As a habit, it is something we practice our way into perfecting--we discipline ourselves to be able to always choose the good. It takes great effort to fight the many temptations against chastity (both of the body and of the mind). Simply giving in to the temptations doesn't fix anything. There's no free lunch--someone can't just stick something on his/herself or take some pill and magically make everything better. Giving in to the temptation breaks down the good habit and forms a bad one (a vice). The vice here is lust (the taking of the other for pleasure)--this taking instead of fully giving can happen both physically and mentally (among single people and even within a marriage). With vices (bad habits) often come natural consequences (AIDS, HPV, a ton of other STDs, unfulfilling love life, using of one's significant other for pleasure, hostility toward one's significant other, infidelity, etc.). This is why, in the article, Marc Barnes points us to monogamy as the answer. He's pushing us on toward virtue. He's showing us the way to grow in perfection, to become better versions of ourselves. He's offering the only solution that will actually work. It's the one that takes effort/discipline, but it's the one that is fulfilling because it is the way that acts in accord with the nature of man and the nature of the marital act.


We have to step back and ask ourselves "why not?" Why doesn't contraception help with AIDS, or unwanted pregnancy, or divorce, or . . . [insert sex-based problem in our society]? Simply: it doesn't fix the people. Because all forms contraception change the nature of what is being expressed by the people's bodies, it fundamentally changes the act. Because a contracepted act is not the act by which a husband and wife bodily express their full, mutual, sacrificial donation of self to the other, yet it mimics the true marital act so closely, it becomes a lie with the body. Just as in any lie there are elements of truth, so in a contracepted act, it's surface APPEARS like the truths expressed in the marital act. Inside, however, is a holding back from full self-gift ("I give you all of me EXCEPT my fertility.") in this way the act's nature must include at least a small admixture (if not greater) of taking the other for one's own pleasure. This fails to build the virtue of chastity (expressing the sexuality proper to one's state in life) = a married person sleeps only with his/her spouse; a single person waits to get married, and then sleep only with his/her spouse = monogamy. Chastity/monogamy takes discipline--it is a virtue (a good habit).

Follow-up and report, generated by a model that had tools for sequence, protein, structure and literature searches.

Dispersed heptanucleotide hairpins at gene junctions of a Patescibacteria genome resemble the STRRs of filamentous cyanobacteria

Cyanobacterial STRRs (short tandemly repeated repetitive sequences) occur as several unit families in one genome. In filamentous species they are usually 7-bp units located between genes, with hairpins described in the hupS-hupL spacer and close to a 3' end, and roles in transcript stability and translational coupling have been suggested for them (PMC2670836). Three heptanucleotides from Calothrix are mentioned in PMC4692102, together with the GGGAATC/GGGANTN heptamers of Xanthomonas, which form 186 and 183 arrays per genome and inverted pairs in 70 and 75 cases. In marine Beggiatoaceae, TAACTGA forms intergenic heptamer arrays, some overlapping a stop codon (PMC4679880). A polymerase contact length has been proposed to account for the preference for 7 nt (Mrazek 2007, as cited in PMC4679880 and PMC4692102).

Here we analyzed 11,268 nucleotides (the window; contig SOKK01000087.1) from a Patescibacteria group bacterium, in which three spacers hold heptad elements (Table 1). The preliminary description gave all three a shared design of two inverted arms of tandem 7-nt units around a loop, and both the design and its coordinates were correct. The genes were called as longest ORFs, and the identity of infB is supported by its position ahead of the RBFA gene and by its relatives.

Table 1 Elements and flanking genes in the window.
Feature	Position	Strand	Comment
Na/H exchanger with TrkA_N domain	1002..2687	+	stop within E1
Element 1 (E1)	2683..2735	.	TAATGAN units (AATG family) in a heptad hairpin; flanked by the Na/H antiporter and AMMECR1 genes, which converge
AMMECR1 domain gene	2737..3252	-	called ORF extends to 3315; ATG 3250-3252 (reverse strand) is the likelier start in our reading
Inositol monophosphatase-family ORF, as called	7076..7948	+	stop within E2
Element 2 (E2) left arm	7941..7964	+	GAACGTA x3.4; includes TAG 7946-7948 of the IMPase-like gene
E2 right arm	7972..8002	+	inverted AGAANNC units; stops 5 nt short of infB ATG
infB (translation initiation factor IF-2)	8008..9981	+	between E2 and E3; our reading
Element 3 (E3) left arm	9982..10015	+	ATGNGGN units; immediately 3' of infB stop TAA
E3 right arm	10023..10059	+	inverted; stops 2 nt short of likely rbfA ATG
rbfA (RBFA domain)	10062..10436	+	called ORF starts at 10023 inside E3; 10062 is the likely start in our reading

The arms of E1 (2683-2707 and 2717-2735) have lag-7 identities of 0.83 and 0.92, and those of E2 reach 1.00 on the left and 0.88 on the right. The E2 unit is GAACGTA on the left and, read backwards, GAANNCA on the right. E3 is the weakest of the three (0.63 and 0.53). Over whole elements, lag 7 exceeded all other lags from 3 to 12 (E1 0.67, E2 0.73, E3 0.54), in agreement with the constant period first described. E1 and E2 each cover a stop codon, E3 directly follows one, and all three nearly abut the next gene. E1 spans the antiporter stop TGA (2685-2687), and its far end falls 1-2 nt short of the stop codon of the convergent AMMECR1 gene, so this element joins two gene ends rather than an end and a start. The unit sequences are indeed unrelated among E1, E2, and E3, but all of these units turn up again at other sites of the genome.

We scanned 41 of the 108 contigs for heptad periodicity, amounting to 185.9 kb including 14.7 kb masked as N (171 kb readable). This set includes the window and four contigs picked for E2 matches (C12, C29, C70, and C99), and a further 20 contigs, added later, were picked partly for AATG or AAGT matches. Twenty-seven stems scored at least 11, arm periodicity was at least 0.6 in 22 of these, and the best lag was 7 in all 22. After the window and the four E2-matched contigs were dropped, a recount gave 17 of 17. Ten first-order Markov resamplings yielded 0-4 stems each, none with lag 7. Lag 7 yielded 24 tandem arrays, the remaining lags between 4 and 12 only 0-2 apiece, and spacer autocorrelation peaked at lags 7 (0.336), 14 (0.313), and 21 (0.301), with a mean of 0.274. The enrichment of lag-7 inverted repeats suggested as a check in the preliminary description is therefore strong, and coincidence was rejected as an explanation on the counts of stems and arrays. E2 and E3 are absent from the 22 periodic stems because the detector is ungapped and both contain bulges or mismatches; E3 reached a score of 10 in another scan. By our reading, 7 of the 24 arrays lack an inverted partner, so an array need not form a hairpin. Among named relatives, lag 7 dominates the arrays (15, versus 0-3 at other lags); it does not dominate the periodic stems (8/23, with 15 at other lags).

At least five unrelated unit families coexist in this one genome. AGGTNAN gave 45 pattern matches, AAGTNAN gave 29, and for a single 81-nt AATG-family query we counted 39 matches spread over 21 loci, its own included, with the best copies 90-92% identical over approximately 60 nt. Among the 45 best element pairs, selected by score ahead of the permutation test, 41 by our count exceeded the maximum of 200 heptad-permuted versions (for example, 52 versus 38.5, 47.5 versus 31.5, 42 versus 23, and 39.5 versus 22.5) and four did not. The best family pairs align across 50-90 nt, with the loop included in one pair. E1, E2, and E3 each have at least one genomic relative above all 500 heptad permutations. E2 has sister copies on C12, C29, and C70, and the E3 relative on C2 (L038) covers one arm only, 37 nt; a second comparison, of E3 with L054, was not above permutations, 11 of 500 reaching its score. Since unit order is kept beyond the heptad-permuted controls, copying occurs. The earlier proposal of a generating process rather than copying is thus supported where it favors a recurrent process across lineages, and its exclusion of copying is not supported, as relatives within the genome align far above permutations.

As a habit, it is something we practice our way into perfecting--we discipline ourselves to be able to always choose the good. It takes great effort to fight the many temptations against chastity (both of the body and of the mind). Simply giving in to the temptations doesn't fix anything. There's no free lunch--someone can't just stick something on his/herself or take some pill and magically make everything better. Giving in to the temptation breaks down the good habit and forms a bad one (a vice). The vice here is lust (the taking of the other for pleasure)--this taking instead of fully giving can happen both physically and mentally (among single people and even within a marriage). With vices (bad habits) often come natural consequences (AIDS, HPV, a ton of other STDs, unfulfilling love life, using of one's significant other for pleasure, hostility toward one's significant other, infidelity, etc.). This is why, in the article, Marc Barnes points us to monogamy as the answer. He's pushing us on toward virtue. He's showing us the way to grow in perfection, to become better versions of ourselves. He's offering the only solution that will actually work. It's the one that takes effort/discipline, but it's the one that is fulfilling because it is the way that acts in accord with the nature of man and the nature of the marital act.
I hope this has helped all of you better understand why the Catholic Church teaches against contraception, and promotes the view of human sexuality that is aimed at the perfection of man and the fullest/most-truthful expression of self-gift.
  • Do you have any ways that help explain this concept well/better? Please leave them in the combox.
  • Do you have any questions about this concept? Please comment, I'll try to answer the best I can.
Good-natured (AKA "non-trolling") feedback is always welcome.

God bless you,
Casey